Voices were raised and tensions escalated last week when the parks, recreation and senior advisory board convened for a meeting that included what some attendees thought would be a presentation of recommendations regarding problem areas in Puyallup’s parks and recreation department.
Instead, the board received a presentation about the process the city manager-appointed analyst team of six has taken in the past two months.
“(The presentation) became a strained exercise because we didn’t have content,” interim City Manager Bill McDonald said. “There is so much misinformation out there, and speculation, that it wasn’t helpful.”
For the past eight weeks, while the management analyst team has explored the parks department through interviews with department heads and site tours, many rumors have been churning among those who are passionate for parks programs. They include talks of the city wanting to sell the parks and recreation center property on Valley Avenue or selling the senior center.
McDonald said they are only rumors. And he insisted the recommendations presented to the city council are just options.
The management analyst team was set to make those recommendations after press time at Tuesday night’s city council meeting.
Prior to the meeting, McDonald said the report presented will be level-headed and not draconian, as some people fear.
“It’s an exercise to look at what we do and how we do it,” he said.
Council member John Hopkins said he and other council members know as much as city residents of what the recommendations might be.
However, Hopkins believes there should be more transparency in the process and more responsibility given to the parks board to be part of that process, including more latitude given on deciding final recommendations made to the council.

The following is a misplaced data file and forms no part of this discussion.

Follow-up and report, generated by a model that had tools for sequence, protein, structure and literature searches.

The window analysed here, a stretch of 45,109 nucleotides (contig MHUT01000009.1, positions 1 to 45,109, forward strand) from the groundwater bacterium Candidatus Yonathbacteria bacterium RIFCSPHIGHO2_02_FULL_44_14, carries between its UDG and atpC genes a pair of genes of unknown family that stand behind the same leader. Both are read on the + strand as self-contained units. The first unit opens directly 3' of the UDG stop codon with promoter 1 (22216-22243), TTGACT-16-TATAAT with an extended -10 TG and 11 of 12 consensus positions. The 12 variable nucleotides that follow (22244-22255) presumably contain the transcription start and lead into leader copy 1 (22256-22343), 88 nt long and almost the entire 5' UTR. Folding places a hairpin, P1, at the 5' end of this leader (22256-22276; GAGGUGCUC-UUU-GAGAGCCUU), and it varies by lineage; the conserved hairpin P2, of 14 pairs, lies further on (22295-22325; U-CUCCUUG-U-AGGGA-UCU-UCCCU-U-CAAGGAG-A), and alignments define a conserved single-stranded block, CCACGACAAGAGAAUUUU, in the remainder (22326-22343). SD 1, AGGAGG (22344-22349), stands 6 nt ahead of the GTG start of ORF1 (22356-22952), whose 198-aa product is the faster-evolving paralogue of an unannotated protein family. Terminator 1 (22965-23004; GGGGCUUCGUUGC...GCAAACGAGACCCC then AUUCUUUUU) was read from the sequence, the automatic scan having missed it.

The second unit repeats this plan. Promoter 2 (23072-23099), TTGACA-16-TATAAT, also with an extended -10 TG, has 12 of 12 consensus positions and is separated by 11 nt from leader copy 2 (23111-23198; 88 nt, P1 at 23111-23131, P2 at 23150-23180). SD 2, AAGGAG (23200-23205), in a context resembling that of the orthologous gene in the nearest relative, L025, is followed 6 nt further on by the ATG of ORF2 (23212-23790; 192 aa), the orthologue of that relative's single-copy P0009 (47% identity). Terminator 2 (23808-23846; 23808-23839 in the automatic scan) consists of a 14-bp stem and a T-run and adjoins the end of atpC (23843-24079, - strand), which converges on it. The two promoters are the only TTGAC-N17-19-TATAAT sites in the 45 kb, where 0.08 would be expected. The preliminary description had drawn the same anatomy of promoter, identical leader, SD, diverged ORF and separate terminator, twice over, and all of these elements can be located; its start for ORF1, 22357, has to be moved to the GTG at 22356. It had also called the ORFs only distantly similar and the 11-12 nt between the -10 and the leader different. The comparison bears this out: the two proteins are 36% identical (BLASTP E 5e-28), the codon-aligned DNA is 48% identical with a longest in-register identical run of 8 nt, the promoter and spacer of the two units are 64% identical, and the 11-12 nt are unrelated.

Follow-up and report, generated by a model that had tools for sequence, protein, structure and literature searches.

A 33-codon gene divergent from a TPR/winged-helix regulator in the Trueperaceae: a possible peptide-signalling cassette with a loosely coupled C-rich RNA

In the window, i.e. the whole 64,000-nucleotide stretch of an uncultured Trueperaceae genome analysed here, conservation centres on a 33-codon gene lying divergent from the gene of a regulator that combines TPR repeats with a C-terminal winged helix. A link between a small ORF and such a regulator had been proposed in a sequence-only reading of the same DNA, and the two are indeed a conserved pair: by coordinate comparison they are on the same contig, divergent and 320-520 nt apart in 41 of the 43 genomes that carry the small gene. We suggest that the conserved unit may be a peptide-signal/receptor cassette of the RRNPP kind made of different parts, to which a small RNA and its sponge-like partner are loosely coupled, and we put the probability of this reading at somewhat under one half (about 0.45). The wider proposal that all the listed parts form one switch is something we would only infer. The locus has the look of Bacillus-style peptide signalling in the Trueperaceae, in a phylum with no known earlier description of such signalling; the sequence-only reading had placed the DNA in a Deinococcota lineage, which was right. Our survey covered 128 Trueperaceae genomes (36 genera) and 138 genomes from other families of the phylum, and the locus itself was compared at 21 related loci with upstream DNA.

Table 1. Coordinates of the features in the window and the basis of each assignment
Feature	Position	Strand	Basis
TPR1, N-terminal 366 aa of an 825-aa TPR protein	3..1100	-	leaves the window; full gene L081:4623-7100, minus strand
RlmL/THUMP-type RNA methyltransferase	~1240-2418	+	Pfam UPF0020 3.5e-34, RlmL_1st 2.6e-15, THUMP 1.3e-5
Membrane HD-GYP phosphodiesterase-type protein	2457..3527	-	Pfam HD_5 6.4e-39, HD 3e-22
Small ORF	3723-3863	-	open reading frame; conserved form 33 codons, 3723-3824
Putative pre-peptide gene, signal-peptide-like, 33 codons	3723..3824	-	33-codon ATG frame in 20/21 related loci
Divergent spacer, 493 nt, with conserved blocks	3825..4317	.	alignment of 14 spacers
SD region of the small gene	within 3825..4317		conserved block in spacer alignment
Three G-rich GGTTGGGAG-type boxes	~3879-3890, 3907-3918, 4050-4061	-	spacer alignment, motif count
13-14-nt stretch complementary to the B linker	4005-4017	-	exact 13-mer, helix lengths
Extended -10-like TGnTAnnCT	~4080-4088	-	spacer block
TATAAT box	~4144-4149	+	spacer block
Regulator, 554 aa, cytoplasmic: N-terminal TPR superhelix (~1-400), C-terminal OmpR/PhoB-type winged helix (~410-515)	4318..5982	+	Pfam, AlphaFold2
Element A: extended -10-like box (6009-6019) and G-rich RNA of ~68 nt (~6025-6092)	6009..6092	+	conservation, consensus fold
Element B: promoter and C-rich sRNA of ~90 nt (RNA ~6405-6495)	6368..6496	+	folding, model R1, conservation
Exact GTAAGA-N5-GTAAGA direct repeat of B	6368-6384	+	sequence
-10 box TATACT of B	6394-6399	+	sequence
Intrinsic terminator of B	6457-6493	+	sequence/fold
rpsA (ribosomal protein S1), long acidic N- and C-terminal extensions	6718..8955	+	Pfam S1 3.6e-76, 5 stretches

“The board should be involved in the decision making as to what our priorities are,” Hopkins said. “They should be as powerful as the planning commission. They have been under-utilized for years, and it’s a shame. That’s a board that should be doing good for the city.”
Dixie Gatchel, a member of the Friends of the Riverwalk Trail, attended the board meeting Feb. 11 and said the parks board didn’t have a say in any of the methods the management analyst team used.
“The city manager and council have to explain their goal and why they bypassed the parks board, because the parks board is my representative,” Gatchel said.
McDonald said he didn’t intend to present recommendations to the parks board.
“I don’t want to filter it through anybody,” he said. “Once the council gets the recommendations, they can send it to the parks board. It becomes theirs. It’s an internal management report now.
“Right now, it’s me and my team looking at a department about what we see.”